Rare Birds has launched an international Ambassador Program to assist women entrepreneurs around the world on their journey from early stage startups to global businesses.
Launching with seven women and eight men on board, the program aims to connect women from all over the world, including those who are based in regional and remote communities, to one another with an aim of spreading the Rare Birds message of diversity and inclusivity further.
“This is a particularly proud moment for us, diversity is alive and embraced by our entire community. The support of so many male ambassadors, even at this early stage, is testament to that,” said Jo Burston, founder of Rare Birds.
With today being International Women’s Day, it’s great to see a level of diversity that encompasses women in not only city regions but also rural communities throughout Australia and the world.
“We know that grassroots community management and growth from an entrepreneur’s perspective is really important. There are lots of places for startups and entrepreneurs to flourish in big cities, particularly in Sydney and Melbourne, but what about the women in regional and rural Australia, what about connecting women all over the world so they can help each other and share experiences?” asked Burston.
Rare Birds hopes to appoint 100 international ambassadors by June 2017, reaching 81 regions globally to become the world’s leading destination for women entrepreneurs.
Burston began working on the concept of having global ambassadors working with Rare Birds to deliver a more inclusive and global community of entrepreneurs last year. She said that today the vision has come to fruition and she believes Rare Bird ambassadors will play a pivotal role in supporting entrepreneurs, particularly those who come from remote, regional or local communities.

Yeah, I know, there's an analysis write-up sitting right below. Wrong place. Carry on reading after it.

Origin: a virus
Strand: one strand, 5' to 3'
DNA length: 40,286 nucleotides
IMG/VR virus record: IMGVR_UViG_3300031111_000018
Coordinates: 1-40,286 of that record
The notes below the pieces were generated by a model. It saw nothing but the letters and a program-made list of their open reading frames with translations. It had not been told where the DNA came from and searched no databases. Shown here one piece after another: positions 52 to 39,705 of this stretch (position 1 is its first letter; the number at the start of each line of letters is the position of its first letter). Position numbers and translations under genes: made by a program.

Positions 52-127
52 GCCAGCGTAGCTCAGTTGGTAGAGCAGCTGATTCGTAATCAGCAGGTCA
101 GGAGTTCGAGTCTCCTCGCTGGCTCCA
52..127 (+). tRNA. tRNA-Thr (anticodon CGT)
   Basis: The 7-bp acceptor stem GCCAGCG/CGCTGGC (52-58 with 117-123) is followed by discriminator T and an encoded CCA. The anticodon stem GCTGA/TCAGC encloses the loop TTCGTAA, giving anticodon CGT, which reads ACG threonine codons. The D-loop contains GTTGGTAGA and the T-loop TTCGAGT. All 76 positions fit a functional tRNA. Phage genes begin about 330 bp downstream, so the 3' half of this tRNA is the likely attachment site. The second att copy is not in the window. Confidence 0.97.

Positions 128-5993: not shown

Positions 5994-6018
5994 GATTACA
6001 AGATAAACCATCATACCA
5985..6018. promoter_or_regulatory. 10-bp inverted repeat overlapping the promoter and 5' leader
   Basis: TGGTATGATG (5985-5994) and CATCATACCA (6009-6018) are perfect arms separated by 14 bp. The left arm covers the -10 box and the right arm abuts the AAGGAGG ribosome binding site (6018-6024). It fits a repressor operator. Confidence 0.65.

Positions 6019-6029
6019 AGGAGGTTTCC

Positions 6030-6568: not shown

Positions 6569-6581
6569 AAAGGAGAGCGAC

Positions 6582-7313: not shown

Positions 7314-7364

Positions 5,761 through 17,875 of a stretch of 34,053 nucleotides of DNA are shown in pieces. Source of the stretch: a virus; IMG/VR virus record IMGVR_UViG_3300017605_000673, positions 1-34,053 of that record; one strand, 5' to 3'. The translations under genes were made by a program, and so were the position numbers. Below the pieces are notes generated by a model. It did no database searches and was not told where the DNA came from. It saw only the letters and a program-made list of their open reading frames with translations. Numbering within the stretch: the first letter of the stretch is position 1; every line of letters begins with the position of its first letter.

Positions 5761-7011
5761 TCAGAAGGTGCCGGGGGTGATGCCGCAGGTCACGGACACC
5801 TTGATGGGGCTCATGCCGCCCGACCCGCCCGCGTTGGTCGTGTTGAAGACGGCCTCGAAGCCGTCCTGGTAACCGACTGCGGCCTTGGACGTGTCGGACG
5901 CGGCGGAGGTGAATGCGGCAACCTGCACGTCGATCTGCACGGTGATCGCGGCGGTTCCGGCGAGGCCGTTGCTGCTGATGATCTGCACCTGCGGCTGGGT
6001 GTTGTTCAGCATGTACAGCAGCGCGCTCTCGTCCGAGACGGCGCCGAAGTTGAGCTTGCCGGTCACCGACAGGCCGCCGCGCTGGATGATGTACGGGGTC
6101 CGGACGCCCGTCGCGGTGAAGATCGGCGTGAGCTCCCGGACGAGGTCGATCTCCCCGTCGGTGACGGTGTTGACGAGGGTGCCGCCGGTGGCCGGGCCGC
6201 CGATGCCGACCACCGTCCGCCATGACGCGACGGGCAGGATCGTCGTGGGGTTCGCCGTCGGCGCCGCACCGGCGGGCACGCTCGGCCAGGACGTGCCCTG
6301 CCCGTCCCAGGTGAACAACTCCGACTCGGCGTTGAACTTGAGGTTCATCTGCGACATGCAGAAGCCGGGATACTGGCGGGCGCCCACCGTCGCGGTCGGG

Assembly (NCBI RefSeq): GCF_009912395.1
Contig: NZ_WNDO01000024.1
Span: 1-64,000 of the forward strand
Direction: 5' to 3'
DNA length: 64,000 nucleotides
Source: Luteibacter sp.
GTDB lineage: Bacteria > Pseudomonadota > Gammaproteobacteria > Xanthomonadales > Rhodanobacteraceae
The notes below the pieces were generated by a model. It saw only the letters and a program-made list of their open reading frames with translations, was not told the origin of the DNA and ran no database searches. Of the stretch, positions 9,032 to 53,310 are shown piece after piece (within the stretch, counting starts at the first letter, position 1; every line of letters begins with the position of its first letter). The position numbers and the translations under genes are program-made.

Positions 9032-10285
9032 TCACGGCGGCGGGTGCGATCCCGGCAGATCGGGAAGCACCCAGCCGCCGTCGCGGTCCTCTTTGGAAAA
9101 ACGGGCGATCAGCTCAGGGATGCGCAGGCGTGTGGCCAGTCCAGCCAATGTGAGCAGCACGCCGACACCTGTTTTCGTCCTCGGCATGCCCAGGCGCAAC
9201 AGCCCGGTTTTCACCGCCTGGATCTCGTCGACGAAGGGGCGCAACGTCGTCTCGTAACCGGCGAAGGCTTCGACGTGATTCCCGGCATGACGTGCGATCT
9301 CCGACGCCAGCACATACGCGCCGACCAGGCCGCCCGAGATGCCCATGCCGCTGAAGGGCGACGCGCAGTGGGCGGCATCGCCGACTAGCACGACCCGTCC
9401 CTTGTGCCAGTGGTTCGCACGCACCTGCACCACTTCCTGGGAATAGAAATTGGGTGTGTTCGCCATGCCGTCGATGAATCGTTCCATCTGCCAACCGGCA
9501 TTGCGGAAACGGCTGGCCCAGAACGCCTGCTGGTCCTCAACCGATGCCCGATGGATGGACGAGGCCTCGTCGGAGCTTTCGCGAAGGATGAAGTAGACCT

In each of the global regions Rare Birds aims to penetrate the community by co-hosting events, and providing mentoring and access to funding, emulating the same ideas of Rare Birds in Australia in overseas communities.
“Women who are looking to access capital will be encouraged to do that through the localised ambassador and the region that they’re in. If they’re looking for education we will be rolling out our global education program in a few months time,” said Burston.
People who wish to become ambassadors for the program must be entrepreneurs, thought leaders, play an active role in their community and have a passion for economic and social impact via entrepreneurship.
“From day one, I have said we are not a women’s organisation, we are a global movement which supports women entrepreneurs. That support comes from all genders, cultures, nationalities and politics. It’s wonderful to be able to announce the launch of the Ambassador Program today, International Women’s Day, particularly as this year’s theme is ‘parity’. Progress towards gender parity won’t just impact women, it will have significant impact on the global economy,” Burston said.
Jan Owen, CEO of the Foundation for Young Australians, is one of the first Rare Birds ambassadors. Owen acknowledged the impact the next generations of young Australians will have on innovation and said a genuine diversity of talent and ideas is needed to rethink and shape the future.
“The next significant wave of entrepreneurs globally will be women with the education, drive and passion to shape the innovation economy. Having watched the phenomenal rise and growth of Rare Birds in just over a year, it is clear this unstoppable movement is going to contribute to growing women entrepreneurs everywhere,” sayid Owen.
Burston added that there are enormous benefits that can be reaped by local economies when entrepreneurs start and continue their businesses from their home towns.
“Likewise, the decision to include global entrepreneurial identities arose from our commitment to always be thinking big and flying high. There’s no reason why someone starting a business in Uluru, Hawaii, or Vietnam shouldn’t have the same opportunity to access funding, mentoring and education. We believe passionately in making that happen,” she said.
“In our ambassadors we have migrants, men, women, people from the indigenous community and all backgrounds and all diversities around the world. We are definitely celebrating women but we are also celebrating the support that comes from diversity.”
Image: Jo Burston. Source: Supplied